There is a crucial substitution of vocal chorus for horn parts (although the latter are used in a different context) that is both an explicit rejection of Exile‘s mode and an attempt on the album’s fiercest song to rehumanize the band through the substitution of voice for the mechanical force of instruments. As on several of the other fast songs, the lead is a Leslie-amplified wah-wah guitar (no track credits are offered — is it Mick Taylor?) that sounds both unearthly and more contemporary than classic Stones style and puts new stress on Mick T. He’s not yet the master Richard is, but he can play in the traditional Stones manner (“Sway”) and add a powerful new dimension to it (his solos on “Love in Vain” and “You Can’t Always Get What You Want” during the band’s ’72 concerts). On Soup, he relies more on discipline than imagination, except for his exquisite solo on “Winter.” He is obviously coming into his own but I can’t help missing Keith, even when I sense he must be around somewhere.
“Angie” will inevitably be the most durable and well-loved song on the album. There are several reasons for its significance: a vocal of practically unprecedented conviction by Jagger, the lovely interplay of strings and single electric guitar that dramatizes the romantic core of the song, and a consummate piano performance by Nicky Hopkins. But the key is in the tune itself, as emotionally complex as it is lyrically straightforward.
It contrasts the traditional view of romance (and its mystical principal of adoration), with the more recently conceived notion of pragmatism in relationships. The singer has a simultaneous and irreconcilable investment in both values, and they’re at war within him. Haunted by Angie’s image, he tells the mystic in him that the conditions for romance are still present. But reason patiently answers that despite their efforts, it won’t work. It wins the struggle, but every so often the voice burns through the velvet lining.
The singer’s lingering belief in mystery is manifested in brief moments of passion and in a sense of guilt that can’t be rationalized. Thus, all his statements seem to come out questions and he asks them as much of himself as of Angie. The one stand he takes is shaky, indeed: “They can’t say we never tried,” is inevitably followed by the understood “Can they?”
The song’s depth of feeling is enhanced by a barely audible second vocal that may have been a reference track they couldn’t get rid of or purely intentional. It seems to come from a great void completely cut off from the rest of the song. The sense of separation it so subtly suggests is a perfectly apt comment on the theme. And every facet of the song is like that, making it one of the most completely satisfying of all Rolling Stones performances.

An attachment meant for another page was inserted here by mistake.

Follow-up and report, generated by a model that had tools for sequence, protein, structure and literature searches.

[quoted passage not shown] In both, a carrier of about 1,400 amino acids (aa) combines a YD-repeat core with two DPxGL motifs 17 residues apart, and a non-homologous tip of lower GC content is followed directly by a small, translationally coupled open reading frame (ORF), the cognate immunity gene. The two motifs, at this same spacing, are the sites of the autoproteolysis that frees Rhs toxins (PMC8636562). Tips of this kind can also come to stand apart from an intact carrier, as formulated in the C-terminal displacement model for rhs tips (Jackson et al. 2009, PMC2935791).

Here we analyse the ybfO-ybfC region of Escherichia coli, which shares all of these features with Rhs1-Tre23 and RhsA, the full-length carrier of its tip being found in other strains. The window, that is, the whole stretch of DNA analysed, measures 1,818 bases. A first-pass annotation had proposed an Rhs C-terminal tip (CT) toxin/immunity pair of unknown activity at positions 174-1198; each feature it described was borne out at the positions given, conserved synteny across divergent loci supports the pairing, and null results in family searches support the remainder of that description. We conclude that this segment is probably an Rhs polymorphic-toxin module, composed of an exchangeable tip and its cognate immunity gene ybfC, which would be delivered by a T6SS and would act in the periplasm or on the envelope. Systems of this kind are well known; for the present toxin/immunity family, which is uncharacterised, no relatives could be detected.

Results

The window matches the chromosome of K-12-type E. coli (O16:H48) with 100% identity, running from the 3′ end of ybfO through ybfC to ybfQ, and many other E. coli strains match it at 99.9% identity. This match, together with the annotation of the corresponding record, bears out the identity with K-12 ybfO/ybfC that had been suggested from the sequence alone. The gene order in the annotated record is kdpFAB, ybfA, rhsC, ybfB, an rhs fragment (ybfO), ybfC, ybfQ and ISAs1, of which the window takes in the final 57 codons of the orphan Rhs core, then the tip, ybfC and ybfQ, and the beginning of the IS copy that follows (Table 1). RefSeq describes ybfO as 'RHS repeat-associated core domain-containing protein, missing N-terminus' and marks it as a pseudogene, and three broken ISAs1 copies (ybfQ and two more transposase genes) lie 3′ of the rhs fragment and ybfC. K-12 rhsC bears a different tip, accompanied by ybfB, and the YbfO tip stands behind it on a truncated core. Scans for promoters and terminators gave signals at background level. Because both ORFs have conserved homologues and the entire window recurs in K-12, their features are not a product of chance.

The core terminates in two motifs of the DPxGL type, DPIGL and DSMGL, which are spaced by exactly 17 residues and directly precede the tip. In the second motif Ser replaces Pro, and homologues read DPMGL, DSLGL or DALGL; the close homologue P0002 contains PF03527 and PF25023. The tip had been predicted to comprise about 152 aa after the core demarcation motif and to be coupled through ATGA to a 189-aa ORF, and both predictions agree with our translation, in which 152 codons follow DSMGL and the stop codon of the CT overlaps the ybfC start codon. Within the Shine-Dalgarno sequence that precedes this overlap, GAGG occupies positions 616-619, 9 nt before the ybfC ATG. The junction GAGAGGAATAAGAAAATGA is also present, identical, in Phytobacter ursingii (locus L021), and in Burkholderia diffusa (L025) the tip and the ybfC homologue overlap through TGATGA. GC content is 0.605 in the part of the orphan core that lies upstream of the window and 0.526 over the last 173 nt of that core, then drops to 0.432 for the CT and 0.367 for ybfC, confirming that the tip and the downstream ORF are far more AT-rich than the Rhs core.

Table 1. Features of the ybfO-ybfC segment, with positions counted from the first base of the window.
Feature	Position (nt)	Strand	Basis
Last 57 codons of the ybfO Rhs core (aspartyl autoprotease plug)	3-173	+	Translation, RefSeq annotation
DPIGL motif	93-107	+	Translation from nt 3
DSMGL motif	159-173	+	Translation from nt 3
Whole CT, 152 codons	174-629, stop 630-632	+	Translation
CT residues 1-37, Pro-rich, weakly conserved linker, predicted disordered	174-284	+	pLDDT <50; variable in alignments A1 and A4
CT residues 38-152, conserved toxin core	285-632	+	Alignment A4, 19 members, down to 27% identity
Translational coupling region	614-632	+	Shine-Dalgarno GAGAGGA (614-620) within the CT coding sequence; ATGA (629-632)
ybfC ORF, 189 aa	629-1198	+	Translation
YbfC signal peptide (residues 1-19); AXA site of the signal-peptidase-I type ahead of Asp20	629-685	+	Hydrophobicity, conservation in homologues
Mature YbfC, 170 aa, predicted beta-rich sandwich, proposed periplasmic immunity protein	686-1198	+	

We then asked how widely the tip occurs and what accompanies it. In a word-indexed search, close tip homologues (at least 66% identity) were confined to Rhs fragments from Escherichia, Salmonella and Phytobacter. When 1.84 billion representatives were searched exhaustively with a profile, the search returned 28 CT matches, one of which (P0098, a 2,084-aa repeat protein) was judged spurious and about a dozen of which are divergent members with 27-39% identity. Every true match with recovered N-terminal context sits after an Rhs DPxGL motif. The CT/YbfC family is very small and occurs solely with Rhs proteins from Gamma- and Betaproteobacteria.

Side two begins modestly with “Silver Train,” a rock & roll song with a pre-rock flavor. The Stones’ approach is like their treatment of “Stop Breaking Down,” one of Exile‘s sleepers: lots of whiny slide guitar and harp. They also emphasize, with their ragged ensemble shouts, the song’s appealing chorus. “Train” is the best of the album’s secondary songs.
“Hide Your Love,” dominated by Jagger’s crude piano and blackest vocal, continues the rustic blues flavor of “Train.” It is the descendant of “Prodigal Son” and “You’ve Gotta Move,” while “Winter” is the offspring of the incandescent “Moonlight Mile,” although it seems also influenced by Van Morrison’s “Listen to the Lion” and “Almost Independence Day.” Morrison’s ideas are in evidence in Jagger’s vocal, which moves from a reading of patterned verses into improvisations. As he sings, the Oriental-styled guitar of “Moonlight” and an elegant string section swirl around him. And as Mick finds the crucial line to climax the piece with — “I’m gonna wrap my coat around you” — the surrounding track is blowing fierce, icy winds right across him.
After “Can You Hear the Music?,” a philosophical song that expresses a belief in the mystical power of music from the Pipes of Pan right up to rock & roll, comes the fabulous “Star Star” as if to prove the point of its predecessor. “Starfucker”‘s surface nastiness is belied by the sheer exultation with which it’s played. The hallowed Chuck Berry riffs have never sounded fresher or more energetic. And those unswerving drums, ringing guitars and straining voices are all daring us to try and keep from moving to the music.
There are too many secondary songs on Goats Head Soup to rate it an ultimate Rolling Stones album. The content-defying title expresses the group’s uncertainty about its performance. But those three great ballads place the album among their most intimate and emotionally absorbing work. At the same time, “Starfucker” maintains the stature of the Stones as grand masters of the rock & roll song. If they’ve played it safe this time, their caution has nevertheless reaped some rewards. Soup stands right next to Mott, the thematically similar LP of the Stones’ brightest students, as the best album of 1973. For me, its deepening and unfolding over the coming months will no doubt rate as one of the year’s richest musical experiences.